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The List - 7 Women Who Changed Manga History


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bassgs435



Joined: 21 Mar 2015
Posts: 192
PostPosted: Sat Dec 17, 2016 11:54 am Reply with quote
So, i voted for Konosuba, Hand Shakers and ToZ's 2nd cour. It's funny, because I'd vote for Chaos;Child instead of Hand Shakers if I didn't know that C;C's apparently only gonna be 12 episodes, and the VN's longer than S;G, so it's easy to know that unless SL are doing that thing were they plan to announce a 2nd batch of episodes after a seasonal break (so, for summer or fall) at the end of the season, the adaptation's gonna be a mess.

I'll check it out with hopes of the secret split cour happening, but as soon as VN readers point out red flags if they show up (such as certain events happening to early because they have to rush the adaptation to fit the story from beggining to end into 12 episodes), I'm dropping it and waiting for the VN (which'll be localized)..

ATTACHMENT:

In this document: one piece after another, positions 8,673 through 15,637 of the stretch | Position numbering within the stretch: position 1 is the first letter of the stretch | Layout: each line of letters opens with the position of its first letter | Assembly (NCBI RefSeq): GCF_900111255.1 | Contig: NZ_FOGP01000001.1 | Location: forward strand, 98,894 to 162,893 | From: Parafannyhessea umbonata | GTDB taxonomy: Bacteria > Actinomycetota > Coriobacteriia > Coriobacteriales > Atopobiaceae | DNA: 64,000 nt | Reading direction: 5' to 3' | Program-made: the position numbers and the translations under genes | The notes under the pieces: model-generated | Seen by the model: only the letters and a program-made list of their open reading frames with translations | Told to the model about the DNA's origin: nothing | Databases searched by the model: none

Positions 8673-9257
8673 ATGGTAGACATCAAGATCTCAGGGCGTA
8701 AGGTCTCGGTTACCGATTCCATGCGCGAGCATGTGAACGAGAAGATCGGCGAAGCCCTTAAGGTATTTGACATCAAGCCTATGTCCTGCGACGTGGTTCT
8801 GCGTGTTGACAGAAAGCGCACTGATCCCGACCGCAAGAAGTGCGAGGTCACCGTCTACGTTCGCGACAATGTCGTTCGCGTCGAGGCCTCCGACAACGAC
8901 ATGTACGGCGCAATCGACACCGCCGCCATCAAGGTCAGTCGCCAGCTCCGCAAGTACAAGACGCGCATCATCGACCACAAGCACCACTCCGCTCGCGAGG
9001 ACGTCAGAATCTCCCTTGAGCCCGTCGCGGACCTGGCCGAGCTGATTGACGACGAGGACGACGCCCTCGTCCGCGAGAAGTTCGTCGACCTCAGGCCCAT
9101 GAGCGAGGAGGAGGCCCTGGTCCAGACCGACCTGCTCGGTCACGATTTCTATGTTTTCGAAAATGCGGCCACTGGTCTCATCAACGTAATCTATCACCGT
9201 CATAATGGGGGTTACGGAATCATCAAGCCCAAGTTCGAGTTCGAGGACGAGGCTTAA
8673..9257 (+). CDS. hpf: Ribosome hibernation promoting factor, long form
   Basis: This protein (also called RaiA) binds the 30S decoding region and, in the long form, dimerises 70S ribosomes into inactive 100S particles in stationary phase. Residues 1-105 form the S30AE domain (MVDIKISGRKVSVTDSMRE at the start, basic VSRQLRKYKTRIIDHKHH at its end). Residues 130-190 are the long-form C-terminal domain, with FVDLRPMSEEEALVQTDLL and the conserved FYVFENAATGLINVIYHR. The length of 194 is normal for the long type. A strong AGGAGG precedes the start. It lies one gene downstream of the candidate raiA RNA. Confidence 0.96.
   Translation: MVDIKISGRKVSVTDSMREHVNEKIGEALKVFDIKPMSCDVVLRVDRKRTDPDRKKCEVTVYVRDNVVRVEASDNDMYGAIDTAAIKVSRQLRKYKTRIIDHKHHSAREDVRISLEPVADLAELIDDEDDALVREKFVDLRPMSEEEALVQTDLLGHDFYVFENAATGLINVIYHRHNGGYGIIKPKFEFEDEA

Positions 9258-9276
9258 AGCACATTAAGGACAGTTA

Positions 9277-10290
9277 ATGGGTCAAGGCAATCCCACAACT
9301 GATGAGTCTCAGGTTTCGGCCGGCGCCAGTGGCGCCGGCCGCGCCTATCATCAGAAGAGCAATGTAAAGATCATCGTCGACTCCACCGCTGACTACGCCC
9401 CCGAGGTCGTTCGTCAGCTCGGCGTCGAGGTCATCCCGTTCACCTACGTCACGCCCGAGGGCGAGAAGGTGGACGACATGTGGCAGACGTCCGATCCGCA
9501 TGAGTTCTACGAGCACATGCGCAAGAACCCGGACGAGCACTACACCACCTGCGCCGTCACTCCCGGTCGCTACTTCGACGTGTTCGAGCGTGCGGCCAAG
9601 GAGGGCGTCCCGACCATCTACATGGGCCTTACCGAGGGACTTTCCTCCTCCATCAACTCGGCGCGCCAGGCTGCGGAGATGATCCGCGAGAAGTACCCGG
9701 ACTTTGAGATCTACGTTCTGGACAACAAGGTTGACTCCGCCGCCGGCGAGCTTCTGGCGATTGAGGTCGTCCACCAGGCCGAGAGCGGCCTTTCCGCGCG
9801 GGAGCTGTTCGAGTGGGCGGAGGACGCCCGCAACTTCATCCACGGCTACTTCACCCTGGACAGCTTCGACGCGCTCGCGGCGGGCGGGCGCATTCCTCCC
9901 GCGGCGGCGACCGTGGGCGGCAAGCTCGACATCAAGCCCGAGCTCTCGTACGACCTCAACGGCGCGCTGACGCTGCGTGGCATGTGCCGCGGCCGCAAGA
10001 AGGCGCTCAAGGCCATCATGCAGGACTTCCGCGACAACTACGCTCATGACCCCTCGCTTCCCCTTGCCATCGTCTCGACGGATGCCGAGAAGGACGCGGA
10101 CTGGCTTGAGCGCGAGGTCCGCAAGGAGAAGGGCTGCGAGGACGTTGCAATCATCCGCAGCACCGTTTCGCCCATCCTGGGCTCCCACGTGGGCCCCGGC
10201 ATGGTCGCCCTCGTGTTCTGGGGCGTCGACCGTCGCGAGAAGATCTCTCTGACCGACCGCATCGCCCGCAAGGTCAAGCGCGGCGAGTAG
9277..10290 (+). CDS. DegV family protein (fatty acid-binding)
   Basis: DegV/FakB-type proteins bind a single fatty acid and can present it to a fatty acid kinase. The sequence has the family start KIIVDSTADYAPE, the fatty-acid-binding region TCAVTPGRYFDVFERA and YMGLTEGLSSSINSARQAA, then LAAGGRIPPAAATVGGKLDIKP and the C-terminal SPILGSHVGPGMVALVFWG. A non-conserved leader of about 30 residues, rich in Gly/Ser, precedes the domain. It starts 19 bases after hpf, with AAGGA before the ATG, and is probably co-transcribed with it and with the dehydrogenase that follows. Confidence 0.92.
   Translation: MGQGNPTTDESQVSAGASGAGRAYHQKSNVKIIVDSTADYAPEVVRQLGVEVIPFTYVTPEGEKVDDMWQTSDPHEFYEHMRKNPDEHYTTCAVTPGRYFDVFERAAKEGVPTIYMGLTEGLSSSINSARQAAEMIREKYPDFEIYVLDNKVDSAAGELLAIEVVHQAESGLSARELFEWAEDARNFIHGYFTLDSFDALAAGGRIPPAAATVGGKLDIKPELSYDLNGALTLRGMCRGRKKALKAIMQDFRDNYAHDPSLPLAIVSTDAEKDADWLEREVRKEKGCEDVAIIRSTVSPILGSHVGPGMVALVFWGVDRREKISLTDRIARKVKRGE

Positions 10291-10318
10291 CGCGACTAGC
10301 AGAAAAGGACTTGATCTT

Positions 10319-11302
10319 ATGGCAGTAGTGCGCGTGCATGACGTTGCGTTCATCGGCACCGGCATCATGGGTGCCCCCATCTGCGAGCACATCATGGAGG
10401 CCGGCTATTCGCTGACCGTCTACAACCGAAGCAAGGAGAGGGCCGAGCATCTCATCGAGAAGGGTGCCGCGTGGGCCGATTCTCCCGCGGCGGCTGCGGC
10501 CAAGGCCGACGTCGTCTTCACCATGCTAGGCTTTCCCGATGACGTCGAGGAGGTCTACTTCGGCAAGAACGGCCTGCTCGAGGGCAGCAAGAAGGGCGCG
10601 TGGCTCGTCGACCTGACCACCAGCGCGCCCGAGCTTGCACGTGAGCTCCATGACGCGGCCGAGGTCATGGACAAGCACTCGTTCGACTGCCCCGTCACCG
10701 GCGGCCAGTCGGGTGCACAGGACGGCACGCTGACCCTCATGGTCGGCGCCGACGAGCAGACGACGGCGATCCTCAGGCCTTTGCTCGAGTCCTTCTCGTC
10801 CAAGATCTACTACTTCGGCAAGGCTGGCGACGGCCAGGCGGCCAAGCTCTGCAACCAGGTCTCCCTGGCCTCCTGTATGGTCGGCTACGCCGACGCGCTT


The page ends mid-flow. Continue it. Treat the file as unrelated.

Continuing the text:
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Blanchimont



Joined: 25 Feb 2012
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PostPosted: Sat Dec 17, 2016 12:38 pm Reply with quote
Among other influential albeit perhaps not on breaking new ground female mangaka is definitely Rumiko Takahashi, at least on the Western front. Oh, and CLAMP of course...
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Nom De Plume De Fanboy
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Joined: 14 Jan 2011
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PostPosted: Sat Dec 17, 2016 2:37 pm Reply with quote